“Grace is defined as… “Divine love and protection bestowed upon mankind, a virtuous gift granted by God, temporary immunity or respite: a period of grace.”
(Webster’s New World Dictionary)
The pneumatic doors of the hospital emergency entrance opened to the touch of my feet. It was February 5, 1991, a Tuesday. Kelly, the essence of my life and only child, had been pronounced dead at 3:26 p.m. That afternoon, I became a lifetime member of a dreadful club. I became a bereaved parent. As I walked out of the doors of the hospital emergency room, I took my first step into a world governed by raw emotion and immeasurable tears.
I cannot speak for the pain and loss experienced by others, for grief is unique for each soul. I may only speak of my transcendence over loss. The act of transcendence is a crucial task. Surviving a tragedy is not enough.
Between the years 1942-1944, 15,000 children under age fifteen passed through the Terezin concentration camp. Determined to not simply endure imprisonment, some of them drew pictures of butterflies on prison walls and wrote poems based on the memories of their lives. Even though less than one hundred of them survived, their hope lives on today in a collection of their drawings and poetry, I Never Saw Another Butterfly. These children existed above and independent of their captors.
Grief can be such a captor and many feel it is easier to hold themselves hostage in grief than to break through the pain. Working through the pain of the ultimate loss, the death of a child, is an exhausting journey of many small victories and defeats, but the voyage to your destination is a spiritual one, to a place known as grace.
Prior to Kelly’s death, I had served as a volunteer for a local hospice, read books on death and dying, sat by the bedside of dying patients, and believed in the concept of life after death. But I knew in my gut that books and philosophy would not save me now. I was being asked to find my way out of a darkness that exhausted my soul, to a place where there was hope. Hope was an elusive intangible for the first year following my son’s death.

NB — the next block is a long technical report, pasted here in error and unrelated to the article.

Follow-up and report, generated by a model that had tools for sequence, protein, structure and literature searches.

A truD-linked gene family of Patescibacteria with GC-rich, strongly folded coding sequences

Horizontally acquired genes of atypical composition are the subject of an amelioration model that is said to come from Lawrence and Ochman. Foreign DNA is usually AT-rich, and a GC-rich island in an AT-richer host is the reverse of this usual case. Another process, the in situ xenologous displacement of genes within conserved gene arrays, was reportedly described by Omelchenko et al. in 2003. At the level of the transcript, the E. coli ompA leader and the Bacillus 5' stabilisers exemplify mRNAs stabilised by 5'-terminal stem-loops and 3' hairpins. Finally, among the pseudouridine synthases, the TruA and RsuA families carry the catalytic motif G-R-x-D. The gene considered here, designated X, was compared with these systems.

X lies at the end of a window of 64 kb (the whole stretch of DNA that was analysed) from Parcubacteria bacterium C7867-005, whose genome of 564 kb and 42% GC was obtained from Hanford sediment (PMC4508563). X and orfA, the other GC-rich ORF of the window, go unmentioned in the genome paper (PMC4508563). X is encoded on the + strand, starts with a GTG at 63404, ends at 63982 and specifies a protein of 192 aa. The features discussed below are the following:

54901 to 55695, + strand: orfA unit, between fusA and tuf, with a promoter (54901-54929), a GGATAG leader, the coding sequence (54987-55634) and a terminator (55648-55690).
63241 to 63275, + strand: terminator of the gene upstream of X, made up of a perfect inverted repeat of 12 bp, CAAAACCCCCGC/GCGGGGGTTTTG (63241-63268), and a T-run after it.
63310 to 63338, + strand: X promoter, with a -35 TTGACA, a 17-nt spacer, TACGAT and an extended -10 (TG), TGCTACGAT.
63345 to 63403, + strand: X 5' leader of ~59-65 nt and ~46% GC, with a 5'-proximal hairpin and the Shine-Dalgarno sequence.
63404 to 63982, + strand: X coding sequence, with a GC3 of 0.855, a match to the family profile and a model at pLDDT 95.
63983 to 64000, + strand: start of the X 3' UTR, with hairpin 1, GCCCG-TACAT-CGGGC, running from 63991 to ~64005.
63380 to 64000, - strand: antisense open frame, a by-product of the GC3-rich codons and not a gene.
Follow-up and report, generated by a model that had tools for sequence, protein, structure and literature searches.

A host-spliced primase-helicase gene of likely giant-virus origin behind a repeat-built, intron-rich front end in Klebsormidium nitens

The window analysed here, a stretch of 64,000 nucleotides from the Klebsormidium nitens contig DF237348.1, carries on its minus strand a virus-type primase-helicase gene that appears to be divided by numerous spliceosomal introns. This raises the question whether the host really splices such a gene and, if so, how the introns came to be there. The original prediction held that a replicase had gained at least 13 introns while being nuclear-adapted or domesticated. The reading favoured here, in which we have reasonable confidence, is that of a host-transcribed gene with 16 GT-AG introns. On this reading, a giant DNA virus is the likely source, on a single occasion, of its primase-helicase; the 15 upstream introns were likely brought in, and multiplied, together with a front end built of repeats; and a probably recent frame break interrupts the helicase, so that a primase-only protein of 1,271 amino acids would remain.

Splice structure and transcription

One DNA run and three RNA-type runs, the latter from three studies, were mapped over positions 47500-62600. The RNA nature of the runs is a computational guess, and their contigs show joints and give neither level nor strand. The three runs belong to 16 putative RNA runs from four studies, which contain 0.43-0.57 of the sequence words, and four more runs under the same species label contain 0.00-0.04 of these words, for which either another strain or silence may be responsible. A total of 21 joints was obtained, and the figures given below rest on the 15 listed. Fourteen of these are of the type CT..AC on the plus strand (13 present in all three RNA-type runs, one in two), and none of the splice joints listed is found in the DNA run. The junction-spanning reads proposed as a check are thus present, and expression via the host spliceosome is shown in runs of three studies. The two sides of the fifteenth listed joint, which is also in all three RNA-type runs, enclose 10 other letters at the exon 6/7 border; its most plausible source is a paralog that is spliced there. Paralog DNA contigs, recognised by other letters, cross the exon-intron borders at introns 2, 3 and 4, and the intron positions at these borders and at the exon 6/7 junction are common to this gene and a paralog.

Then, slowly, I was blessed to witness my own personal Easter, a resurrection of my very being from the depths of a loss that so devastated my life that I truly believed there would be no surviving such a tragedy.
Unknowingly, the healing began with my first tear and the thousands that flowed after. Writing the eulogy for my son’s funeral nurtured my soul. The writing continued…in the form of a journal.
Embracing the Pain
Grief is a harsh mistress. I was determined to face her. She was the dark pain in my heart. With all my courage, I invited her in, holding her close in an embrace, allowing the grief to penetrate my soul. I danced with her to music which contained no lyrics, no rhythm, only silence.
I lanced my own soul wound and welcomed the pain, knowing there was no greater suffering than the day I buried my son. In the exhausting darkness of night, I lit candles and consciously listened to music–Sting’s album, Nothing Like the Sun, his songs, Fragile and They Dance Alone, and Reba McEntire’s album, For My Broken Heart, her song, If I Had Only Known. The music evoked memories, both precious and sad, until the tears came, always silent, but hot and full.
Often I wrote in my journal, attempting to make sense of the dark abstraction of death and searching for the words to describe the joy, life and laughter that was taken from me. I deliberately emptied my heart of the tears I knew must be shed to facilitate my healing. With my asking, God held me tightly in the night and sent angels to dry my tears with the most tender brush of their silent wings.